Before you get too excited though, there will likely be some tweaking that needs to be made to the files to make them laser-ready. There is a tutorial here that should fill you in on the basics:

And then you will need to run through the tutorials for learning to use the Glowforge that I linked above.


I recommend inkscape. At first it will be daunting but there are features you will never need if your only using it for laser projects. Youtube has tons of videos showing how to use it. I especially like this site:


If your wife is familiar with Silhouette studio software, just start there and become comfortable with designing and lasering different materials and goals of a business. Next you can work towards a secondary design program be it Illustrator or Inkscape.

I do not use my GF for a business at all but I have used Silhouette studio for years and was very comfortable with that program. I tried Inkscape about a year ago and for some reason it just did not click with me. Six months ago I decided to tackle Illustrator using a number of tutorials online including youtube and I have really been able to improve on what I could do in Studio alone.

Youtube and the internet is your friend. Just take the time to figure out how you learn and dive in. Video tutorials, books, etc. Nothing comes free or easy as they say. And when you get stuck with something when it comes to lasering, the search feature in this forum is great as I’m sure it has been discussed many times before.


Nice share, Jules. I didn’t even know that existed. I upgraded to the biz edition during some big sale. Do you think that tool is a rougher result than the software itself when converting to SVG? I’ve had no trouble with the biz software conversions.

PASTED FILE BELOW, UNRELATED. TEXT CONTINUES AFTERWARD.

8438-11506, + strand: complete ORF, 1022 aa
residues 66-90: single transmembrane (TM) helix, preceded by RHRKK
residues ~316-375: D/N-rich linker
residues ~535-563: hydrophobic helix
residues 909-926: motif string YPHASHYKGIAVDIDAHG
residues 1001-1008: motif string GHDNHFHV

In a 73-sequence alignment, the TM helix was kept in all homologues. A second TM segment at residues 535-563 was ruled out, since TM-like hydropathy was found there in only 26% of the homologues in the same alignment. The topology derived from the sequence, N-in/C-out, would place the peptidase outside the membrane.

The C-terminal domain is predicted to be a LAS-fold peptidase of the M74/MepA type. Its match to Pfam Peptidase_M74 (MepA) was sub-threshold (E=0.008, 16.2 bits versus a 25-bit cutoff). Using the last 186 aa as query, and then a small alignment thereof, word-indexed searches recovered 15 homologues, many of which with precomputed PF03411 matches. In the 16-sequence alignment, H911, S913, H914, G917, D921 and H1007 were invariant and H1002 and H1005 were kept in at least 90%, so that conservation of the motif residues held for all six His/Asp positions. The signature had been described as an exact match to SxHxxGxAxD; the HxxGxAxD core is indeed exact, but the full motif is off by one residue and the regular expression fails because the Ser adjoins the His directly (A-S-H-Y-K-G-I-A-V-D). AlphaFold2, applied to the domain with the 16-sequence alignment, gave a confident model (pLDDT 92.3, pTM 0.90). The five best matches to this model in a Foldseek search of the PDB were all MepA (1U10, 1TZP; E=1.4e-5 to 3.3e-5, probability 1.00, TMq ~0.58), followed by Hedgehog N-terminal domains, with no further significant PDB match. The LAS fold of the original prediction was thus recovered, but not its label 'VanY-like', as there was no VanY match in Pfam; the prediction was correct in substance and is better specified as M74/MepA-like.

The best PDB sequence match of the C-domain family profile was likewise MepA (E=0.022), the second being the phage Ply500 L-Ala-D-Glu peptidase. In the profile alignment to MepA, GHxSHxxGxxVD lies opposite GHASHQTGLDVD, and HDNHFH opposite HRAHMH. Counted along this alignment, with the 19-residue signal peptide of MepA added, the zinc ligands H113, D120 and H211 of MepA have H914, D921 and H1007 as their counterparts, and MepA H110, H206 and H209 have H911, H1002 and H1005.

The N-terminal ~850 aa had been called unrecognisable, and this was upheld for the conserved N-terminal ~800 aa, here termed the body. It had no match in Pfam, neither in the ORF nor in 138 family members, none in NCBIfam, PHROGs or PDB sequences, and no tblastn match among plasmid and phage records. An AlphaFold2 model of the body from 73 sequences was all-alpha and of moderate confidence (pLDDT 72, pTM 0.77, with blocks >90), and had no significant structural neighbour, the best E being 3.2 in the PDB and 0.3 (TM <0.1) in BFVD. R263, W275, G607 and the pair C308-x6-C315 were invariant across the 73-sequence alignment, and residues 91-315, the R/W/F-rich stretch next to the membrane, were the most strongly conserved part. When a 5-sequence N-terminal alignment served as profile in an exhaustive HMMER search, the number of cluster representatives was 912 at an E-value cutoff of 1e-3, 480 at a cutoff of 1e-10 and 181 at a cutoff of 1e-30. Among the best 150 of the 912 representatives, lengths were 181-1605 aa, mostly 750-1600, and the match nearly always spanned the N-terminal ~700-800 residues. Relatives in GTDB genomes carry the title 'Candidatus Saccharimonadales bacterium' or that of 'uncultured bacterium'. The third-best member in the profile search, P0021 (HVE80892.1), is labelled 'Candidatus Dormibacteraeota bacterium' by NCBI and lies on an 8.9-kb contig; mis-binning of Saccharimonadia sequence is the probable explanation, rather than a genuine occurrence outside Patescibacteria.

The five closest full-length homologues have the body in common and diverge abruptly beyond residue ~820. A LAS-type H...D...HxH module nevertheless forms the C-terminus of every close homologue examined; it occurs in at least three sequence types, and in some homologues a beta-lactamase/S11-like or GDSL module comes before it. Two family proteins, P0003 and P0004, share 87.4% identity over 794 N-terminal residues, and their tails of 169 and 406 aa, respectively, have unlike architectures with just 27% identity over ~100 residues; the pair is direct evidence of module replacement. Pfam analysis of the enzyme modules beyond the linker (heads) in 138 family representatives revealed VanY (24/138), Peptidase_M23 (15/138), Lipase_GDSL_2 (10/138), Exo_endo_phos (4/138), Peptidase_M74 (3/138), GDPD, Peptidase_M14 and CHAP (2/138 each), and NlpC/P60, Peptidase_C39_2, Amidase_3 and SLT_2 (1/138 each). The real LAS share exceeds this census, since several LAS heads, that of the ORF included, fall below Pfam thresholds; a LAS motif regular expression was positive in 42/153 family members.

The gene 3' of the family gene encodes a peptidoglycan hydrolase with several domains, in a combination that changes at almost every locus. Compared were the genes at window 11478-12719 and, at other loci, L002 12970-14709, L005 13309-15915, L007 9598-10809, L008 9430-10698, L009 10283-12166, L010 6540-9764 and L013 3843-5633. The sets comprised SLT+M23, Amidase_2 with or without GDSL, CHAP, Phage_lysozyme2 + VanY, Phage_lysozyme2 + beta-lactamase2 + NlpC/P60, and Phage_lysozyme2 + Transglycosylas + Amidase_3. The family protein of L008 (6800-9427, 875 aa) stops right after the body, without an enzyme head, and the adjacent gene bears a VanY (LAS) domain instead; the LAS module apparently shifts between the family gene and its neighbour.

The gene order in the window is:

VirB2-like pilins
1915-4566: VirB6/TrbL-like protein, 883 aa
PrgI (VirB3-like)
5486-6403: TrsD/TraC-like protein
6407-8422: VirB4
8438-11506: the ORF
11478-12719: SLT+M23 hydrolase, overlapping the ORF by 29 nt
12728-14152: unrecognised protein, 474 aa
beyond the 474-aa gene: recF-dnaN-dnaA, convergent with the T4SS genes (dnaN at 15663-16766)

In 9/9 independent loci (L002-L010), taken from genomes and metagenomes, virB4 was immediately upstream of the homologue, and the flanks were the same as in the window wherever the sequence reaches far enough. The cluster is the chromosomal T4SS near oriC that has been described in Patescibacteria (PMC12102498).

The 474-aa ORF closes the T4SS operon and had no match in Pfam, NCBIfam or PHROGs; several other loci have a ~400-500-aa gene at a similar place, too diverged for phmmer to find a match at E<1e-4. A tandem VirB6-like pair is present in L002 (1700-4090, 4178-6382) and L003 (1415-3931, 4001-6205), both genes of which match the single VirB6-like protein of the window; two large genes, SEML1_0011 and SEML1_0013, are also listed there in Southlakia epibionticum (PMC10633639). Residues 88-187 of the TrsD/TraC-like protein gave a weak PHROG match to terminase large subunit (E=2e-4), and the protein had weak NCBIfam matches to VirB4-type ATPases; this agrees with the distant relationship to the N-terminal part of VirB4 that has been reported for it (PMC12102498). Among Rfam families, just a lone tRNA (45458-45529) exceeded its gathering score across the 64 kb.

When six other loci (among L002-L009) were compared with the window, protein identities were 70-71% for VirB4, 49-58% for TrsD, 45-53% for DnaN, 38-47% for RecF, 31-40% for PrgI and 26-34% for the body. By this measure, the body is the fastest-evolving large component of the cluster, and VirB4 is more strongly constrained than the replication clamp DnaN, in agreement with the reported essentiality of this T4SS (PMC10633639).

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We actually had more trouble with the Business version of Studio when we were testing it for the Snapmarks. My guess is it’s the same, and I’m glad to hear the Business version is working now. (Probably a setting we had wrong with it, but we had the files flowing through several sets of hands before they got tested, so no way to tell.)

I was using the Biz edition toward the beginning of Snapmarks, so I can’t say that anything is working differently. I haven’t had any issues, but I’m not as much of a power user either.

I haven’t had any trouble with that tool … Although did add the business edition about 6 months ago.

When I use something purchased in the Silhouette Design Store … The software turns lines into dashes … So, in those cases I use the website for conversion.

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Check out your local library. More and more of them are offering maker classes.

The dashed lines are because you aren’t supposed to use those designs anywhere but on a Silhouette. It’s like a watermark.

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For some of us coming more from the engineering side, I didn’t start knowing either particularly well (I knew the basics of AI and had done a few fixes to files in the past (as in take an EPS file someone gave me for clipart, and remove something or change a color). But I knew CAD/CAM, and good CAD packages these days export DXF files which are easy to convert to SVG in either AI or Inkscape (basically open it and save it out in SVG format - Although what I often do in AI is combine different files into a single sheet or add text since CAD is generally terrible for fancy text). So if you think more like an engineer, consider using Fusion360 (free for hobbyists) or OnShape (free for educators/students).